While Medicare Part A, which pays for hospital care, is premium-free for most beneficiaries, Part B, which covers doctor visits and outpatient services does have a monthly premium. Starting in 2021, the standard monthly Part B premium will be $148.50, up from $144.60 in 2020. That $3.90 bump represents a 2.7% increase, which is more than double the most recent Social Security cost-of-living adjustment of 1.3%.

But if you are a high earning beneficiary, which makes up about 7% of all Medicare recipients, you will have to pay more. Medicare surcharges for high earners are based on adjusted gross income from two years earlier, which means that 2021 Part B premiums are determined by 2019 annual income.

So, if your 2019 income was above $88,000 up to $111,000 ($176,000 up to $222,000 for married couples filing jointly), your 2021 Part B monthly premium will be $207.90, up from $202.40 in 2020.

Monthly premiums for singles with an income between $111,000 and $138,000 ($222,000 and $276,000 for joint filers) will rise from $289.20 to $297. Individuals earning above $138,000 up to $165,000 ($276,000 to $330,000 for joint filers) will see their monthly premium increase from $376 to $386.10.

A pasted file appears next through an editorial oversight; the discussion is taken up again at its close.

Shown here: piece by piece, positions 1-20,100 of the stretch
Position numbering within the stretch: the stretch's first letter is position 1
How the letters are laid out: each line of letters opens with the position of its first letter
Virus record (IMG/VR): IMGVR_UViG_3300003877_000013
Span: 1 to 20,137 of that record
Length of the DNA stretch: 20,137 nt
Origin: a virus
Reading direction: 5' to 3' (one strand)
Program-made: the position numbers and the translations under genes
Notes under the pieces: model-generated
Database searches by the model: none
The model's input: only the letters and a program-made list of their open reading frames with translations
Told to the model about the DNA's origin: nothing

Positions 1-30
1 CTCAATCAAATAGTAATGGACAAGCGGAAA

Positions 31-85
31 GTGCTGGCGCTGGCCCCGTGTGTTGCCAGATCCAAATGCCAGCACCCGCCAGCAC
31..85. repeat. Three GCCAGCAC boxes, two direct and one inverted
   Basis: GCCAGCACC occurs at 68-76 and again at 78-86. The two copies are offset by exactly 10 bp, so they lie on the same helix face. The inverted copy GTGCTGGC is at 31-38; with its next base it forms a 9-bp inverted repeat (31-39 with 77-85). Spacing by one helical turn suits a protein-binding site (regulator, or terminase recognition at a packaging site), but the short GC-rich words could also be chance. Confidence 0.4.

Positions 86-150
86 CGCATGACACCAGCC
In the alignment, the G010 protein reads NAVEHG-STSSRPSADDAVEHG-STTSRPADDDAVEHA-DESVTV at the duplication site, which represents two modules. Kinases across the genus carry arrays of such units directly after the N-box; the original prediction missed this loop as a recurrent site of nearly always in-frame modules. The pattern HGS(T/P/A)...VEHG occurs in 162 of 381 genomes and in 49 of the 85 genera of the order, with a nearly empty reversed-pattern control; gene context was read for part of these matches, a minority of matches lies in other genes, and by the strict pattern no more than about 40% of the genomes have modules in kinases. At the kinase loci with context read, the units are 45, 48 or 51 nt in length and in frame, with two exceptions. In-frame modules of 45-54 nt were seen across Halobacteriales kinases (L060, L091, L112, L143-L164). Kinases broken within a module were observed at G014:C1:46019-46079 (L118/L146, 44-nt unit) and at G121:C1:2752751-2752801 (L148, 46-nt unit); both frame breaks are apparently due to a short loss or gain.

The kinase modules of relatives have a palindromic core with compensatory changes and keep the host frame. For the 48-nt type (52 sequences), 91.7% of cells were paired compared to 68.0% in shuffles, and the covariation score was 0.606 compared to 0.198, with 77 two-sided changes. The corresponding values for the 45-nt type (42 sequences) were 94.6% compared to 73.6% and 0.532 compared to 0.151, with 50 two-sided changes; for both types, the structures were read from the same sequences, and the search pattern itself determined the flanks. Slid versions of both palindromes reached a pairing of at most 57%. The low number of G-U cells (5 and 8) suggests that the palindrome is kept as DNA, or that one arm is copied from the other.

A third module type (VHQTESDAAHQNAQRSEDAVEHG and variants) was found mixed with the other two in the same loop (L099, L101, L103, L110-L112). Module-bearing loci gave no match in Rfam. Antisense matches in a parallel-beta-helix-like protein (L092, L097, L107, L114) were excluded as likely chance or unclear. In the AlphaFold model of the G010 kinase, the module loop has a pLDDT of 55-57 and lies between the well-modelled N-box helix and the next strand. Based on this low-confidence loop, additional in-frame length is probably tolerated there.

Those with incomes above $165,000 up to $500,000 ($320,000 to $750,000 for joint filers), will pay $475.20 per month in 2021. Single filers with income of $500,000 or more ($750,000 or more for joint filers) will pay $504.90 per month next year.

Medicare Part D

For Medicare (Part D) prescription drug plans, the average premium in 2021 will be about $30 per month for most beneficiaries. But, again for a high earner with annual incomes above $88,000 ($176,000 for joint filers), there is a monthly surcharge between $12.30 and $77.10 on top of the regular Part D premiums.

How to Contest Income

Beneficiaries that fall into any of the high-income categories and have experienced certain life-changing events that have reduced their income since 2019, such as retirement, divorce or the death of a spouse, can contest the surcharge. For more information on how to do this, see "Medicare Premiums: Rules for Higher-Income Beneficiaries" at

Other Medicare Increases

In addition to the Part B and Part D premium increases, there are other cost increases. For example, the annual deductible for Medicare Part B will see a bump from $198 to $203 in 2021. The deductible for Medicare Part A, which covers hospital services, will increase from $1,408 in 2020 to $1,484 in 2021. There are no surcharges on Medicare deductibles for high earners.

For more information on all the Medicare costs for 2021 visit and click on "2021 Medicare Costs," or call 800-633-4227.